Rep. Edward Markey (D-Mass.) suggested Wednesday that cable operators with programming interests are less credible on rate hike issues than independent cable companies with no programming ties.
"At a certain level, when I hear the vertically integrated cable operators call for programmers to rein in their spiraling costs, I am reminded of someone who is preaching temperance from a barstool," said Markey, an influential House Democrat.
Markey's comments came in a speech here to the American Cable Association, a small-operator lobbying group that has been waging a protracted battle against The Walt Disney Co. and other large program suppliers regarding costs and tie-ins.
Markey, who said he was "increasingly concerned" about rising cable rates, has unsuccessfully lobbied Rep. Fred Upton (R-Mich.), chairman of the House Subcommittee on Telecommunications and the Internet, for hearings on the cable market.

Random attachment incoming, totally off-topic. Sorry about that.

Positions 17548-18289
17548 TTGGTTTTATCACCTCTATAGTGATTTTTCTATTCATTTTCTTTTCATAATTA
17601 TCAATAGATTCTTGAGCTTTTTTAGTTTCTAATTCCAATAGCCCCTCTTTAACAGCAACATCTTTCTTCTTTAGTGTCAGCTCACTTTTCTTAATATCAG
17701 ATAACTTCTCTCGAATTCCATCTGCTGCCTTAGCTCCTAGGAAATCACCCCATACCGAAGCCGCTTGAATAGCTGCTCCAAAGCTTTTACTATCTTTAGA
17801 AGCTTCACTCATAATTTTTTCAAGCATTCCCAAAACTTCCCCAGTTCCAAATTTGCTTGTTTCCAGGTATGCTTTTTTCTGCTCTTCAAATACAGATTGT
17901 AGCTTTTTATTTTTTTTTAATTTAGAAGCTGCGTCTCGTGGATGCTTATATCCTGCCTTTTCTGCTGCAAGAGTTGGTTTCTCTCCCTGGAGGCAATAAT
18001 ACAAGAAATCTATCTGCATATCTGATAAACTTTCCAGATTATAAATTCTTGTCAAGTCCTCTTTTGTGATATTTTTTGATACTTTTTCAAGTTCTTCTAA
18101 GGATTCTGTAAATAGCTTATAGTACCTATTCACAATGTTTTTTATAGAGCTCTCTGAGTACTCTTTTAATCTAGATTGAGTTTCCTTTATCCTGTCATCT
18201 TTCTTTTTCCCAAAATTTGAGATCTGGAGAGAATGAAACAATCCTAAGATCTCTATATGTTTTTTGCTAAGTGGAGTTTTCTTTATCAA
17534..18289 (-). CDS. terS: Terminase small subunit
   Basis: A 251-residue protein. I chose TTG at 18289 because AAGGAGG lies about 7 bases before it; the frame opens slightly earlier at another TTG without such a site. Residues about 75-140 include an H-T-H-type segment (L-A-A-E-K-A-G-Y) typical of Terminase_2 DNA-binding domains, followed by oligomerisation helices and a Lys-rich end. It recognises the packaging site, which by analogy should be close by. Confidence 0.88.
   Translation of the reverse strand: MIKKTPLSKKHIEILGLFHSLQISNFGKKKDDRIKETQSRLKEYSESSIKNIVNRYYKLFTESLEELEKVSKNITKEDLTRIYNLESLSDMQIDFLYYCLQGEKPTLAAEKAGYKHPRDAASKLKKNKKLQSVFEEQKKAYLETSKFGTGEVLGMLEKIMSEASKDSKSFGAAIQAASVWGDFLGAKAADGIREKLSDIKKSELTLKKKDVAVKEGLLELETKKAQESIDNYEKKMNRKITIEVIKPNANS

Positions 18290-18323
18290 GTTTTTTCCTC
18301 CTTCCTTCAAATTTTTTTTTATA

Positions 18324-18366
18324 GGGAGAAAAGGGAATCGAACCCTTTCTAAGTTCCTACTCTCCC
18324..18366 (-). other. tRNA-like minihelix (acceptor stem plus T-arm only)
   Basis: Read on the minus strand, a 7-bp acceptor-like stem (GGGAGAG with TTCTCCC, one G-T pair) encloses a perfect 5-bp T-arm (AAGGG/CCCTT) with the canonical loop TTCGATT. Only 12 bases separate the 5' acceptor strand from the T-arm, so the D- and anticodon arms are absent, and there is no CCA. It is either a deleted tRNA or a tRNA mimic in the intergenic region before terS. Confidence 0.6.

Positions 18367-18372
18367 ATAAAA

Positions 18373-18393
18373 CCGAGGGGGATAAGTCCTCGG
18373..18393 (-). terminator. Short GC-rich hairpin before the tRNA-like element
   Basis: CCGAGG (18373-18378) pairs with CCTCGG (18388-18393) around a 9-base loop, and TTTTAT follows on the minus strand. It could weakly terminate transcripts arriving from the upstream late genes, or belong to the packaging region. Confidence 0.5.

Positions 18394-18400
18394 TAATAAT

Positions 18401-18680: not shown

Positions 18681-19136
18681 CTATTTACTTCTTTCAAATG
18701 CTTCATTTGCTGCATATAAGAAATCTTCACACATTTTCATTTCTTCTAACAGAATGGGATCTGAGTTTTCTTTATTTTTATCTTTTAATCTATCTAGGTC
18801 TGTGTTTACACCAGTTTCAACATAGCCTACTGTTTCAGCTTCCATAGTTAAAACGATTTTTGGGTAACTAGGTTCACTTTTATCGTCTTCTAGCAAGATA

The top Democrat on Upton's panel, Markey said he wants to examine whether cable operators should have the power to purchase and sell networks a la carte; whether cable operators should be forced to disclose the per-channel cost of programming on monthly bills; and whether Congress needs to open the market to independent programmers.
"I will stipulate to all of you that Congress, the Republican Congress, is not yet ready to legislate in any of those areas," Markey said. "But it is vital to begin gathering data and looking at the obvious problem areas so that you can start to home in on remedies if the marketplace fails yet again to correct the problems itself."
Markey said he had no plans to offer legislation before a hearing.